They were partly, one cannot doubt, intended for effect, the performances of a man who desired above all things to pose as the representative of Greek feeling, to show himself to the world as the successor of the heroes who had championed Greece against the lawless insolence of Asia. But they were also in a great degree the expression of a genuine feeling. Alexander had a romantic love for the whole cycle of Homeric song and Homeric legend. A copy of the Iliad was the companion of all his campaigns; he even slept with it under his pillow. It was his proudest boast that he was descended from Achilles; and now he was actually performing in person the drama which had been the romance of his life. His first visit was to the temple of Athené that crowned the hill, identified at least by the inhabitants of the place with the Pergama of ancient Troy. The walls of the temple were adorned with suits of armour, worn, it was said, by the guardians of the place, by heroes who had fought against Troy. The king had several of these taken down, not intending to wear them himself, but meaning to have them carried with him during his campaigns, a purpose which was afterwards fulfilled. He left instead his own gilded armour, and added other valuable offerings to the temple. From Athené's shrine he went to the palace of Priam, where his guides showed him the very altar of Zeus at which the old king was slaughtered by the savage son of Achilles. But this son was an ancestor of his own, and he felt himself bound to expiate by offering sacrifice the wrath which the murdered man might feel against the descendant of the murderer. The sight which crowned the glories of the day was the tomb and monumental column of Achilles. It was the practice of pilgrims to this sacred spot to strip off their garments, anoint themselves, and run naked round the mound under which the great hero reposed.
"Happy Achilles," he cried, when the ceremony was finished; "who didst find a faithful friend to love thee during life, and a great poet to celebrate thee after death. The friend is here," he went on, turning with an affectionate gesture to Hephaestion, "but the poet——" and he was thinking, it may be possible, of the unlucky Chœrilus.
Nothing adverse had occurred from morning to evening, but those who were responsible for the success of the operation had been profoundly anxious. Sentinels stood on the highest ground at the western end of the Hellespont, to watch the seas both toward the south and the west for the first signs of the approach of a hostile squadron, but not a sail was to be seen; and the tedious and dangerous operation of transferring the army from one continent to the other had been executed in safety. A squadron of agile Phœnician galleys, driven by resolute captains on that helpless crowd of transports, might have wrought irreparable damage, and even crushed the undertaking in its first stage. This would have been done if the Persian king had listened to his wisest counsellors; but it was not to be. Then, as ever, it was true, "Whom the gods will ruin they first strike with madness."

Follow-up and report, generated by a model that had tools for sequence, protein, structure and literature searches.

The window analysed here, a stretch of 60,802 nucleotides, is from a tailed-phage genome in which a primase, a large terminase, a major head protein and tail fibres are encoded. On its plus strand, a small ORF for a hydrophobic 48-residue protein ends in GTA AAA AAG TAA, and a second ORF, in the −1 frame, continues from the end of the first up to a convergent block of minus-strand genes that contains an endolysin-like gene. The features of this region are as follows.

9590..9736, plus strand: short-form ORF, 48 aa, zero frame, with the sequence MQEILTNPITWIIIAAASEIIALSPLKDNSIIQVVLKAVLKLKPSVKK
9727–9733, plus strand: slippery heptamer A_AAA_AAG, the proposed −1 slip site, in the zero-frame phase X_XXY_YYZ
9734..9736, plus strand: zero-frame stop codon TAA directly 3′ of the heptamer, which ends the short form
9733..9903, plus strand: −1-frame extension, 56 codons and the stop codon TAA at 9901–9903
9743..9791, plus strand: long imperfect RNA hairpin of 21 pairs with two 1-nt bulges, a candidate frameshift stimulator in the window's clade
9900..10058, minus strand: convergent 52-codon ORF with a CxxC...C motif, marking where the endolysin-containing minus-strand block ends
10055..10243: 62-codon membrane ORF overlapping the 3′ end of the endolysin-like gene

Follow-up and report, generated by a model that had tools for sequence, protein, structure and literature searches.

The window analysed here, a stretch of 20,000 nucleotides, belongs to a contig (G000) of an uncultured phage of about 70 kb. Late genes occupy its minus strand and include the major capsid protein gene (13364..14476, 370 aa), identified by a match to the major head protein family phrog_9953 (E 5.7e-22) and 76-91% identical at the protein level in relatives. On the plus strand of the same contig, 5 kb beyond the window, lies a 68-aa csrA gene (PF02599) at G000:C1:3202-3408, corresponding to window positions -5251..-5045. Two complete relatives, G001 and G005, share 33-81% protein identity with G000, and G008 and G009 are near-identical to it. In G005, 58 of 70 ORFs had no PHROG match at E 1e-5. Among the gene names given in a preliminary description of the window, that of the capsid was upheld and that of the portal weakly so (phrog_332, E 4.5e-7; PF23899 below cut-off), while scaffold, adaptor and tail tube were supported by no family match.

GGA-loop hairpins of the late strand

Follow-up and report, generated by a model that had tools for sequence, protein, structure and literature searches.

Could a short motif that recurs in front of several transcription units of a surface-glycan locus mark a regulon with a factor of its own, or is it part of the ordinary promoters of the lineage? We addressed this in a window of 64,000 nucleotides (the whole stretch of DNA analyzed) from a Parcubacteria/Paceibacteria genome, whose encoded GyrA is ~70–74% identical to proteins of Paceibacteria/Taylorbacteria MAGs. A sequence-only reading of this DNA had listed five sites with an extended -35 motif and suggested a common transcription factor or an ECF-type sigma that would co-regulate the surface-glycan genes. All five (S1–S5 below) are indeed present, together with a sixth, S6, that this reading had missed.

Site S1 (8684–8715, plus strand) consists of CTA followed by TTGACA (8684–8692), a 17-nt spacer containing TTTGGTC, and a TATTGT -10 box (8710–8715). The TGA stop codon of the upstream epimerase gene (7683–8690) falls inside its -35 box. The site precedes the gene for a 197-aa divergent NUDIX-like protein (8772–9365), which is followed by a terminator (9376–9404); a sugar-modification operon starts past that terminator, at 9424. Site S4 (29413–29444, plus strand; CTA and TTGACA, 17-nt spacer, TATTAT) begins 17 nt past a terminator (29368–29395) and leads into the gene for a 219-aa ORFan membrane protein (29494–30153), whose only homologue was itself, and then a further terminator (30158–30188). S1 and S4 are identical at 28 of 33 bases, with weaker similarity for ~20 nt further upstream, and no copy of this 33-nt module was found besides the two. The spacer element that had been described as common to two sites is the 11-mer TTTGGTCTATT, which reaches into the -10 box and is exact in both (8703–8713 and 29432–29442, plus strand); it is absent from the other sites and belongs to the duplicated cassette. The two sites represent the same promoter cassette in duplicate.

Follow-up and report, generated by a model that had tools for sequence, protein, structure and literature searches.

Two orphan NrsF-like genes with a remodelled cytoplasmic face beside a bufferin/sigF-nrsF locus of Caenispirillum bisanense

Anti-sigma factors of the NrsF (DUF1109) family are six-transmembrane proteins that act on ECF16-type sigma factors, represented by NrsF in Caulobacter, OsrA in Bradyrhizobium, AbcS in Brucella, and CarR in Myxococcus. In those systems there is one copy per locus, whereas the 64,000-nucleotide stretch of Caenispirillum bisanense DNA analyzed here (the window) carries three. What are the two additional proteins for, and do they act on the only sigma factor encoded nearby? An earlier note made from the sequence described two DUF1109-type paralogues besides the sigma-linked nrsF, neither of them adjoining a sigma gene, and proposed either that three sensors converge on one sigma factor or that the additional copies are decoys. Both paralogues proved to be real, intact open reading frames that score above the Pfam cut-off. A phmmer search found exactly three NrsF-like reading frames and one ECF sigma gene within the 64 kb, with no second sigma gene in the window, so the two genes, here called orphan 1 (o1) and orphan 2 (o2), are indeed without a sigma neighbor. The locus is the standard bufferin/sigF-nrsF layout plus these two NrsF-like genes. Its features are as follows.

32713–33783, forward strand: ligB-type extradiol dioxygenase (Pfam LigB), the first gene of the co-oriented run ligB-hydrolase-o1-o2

The army bivouacked that night, as it best could, on or near the shore. Next morning it marched past the king in battle array. A more perfect instrument of war the world had never seen. Skirmishers, light infantry, cavalry, all were as highly disciplined and as admirably equipped as the lavish expenditure of trouble and money could make them. But the irresistible strength of the force was in its famous phalanx. Each division—there were six of them that passed that day under their general's eyes—had a front file of 128 men, while the files were sixteen deep. Every soldier in this compact body of more than two thousand men carried the huge Macedonian pike. It was twenty-two feet in length, being so weighted that the fifteen feet which projected beyond the bearer were fairly balanced by the six behind him. The pikes of the second rank, which stood three feet behind the first, projected twelve feet before the line, those of the third nine, of the fourth six, of the fifth three. The other ranks sloped their pikes upward, over the shoulders of their comrades, to form a sort of protection against missiles that might be discharged against them. The whole presented a most formidable appearance; and its appearance was not more formidable than its actual strength. It was cumbrous; it could not manœuvre with ease; it could not accommodate itself to difficult ground. But on ground of its own, and when it could bring its strength to bear, it was irresistible. The best infantry of Greece, though led by skilful generals, and fighting with desperate courage, had been crushed by it. Long afterwards, when the Macedonian army was but the shadow of its former self, the sight of the phalanx could still strike terror into the conquerors of the world.
Alexander's eyes were lighted up with pride as the massive columns marched past him. "Nothing can resist them," he cried; "with these I shall conquer the world."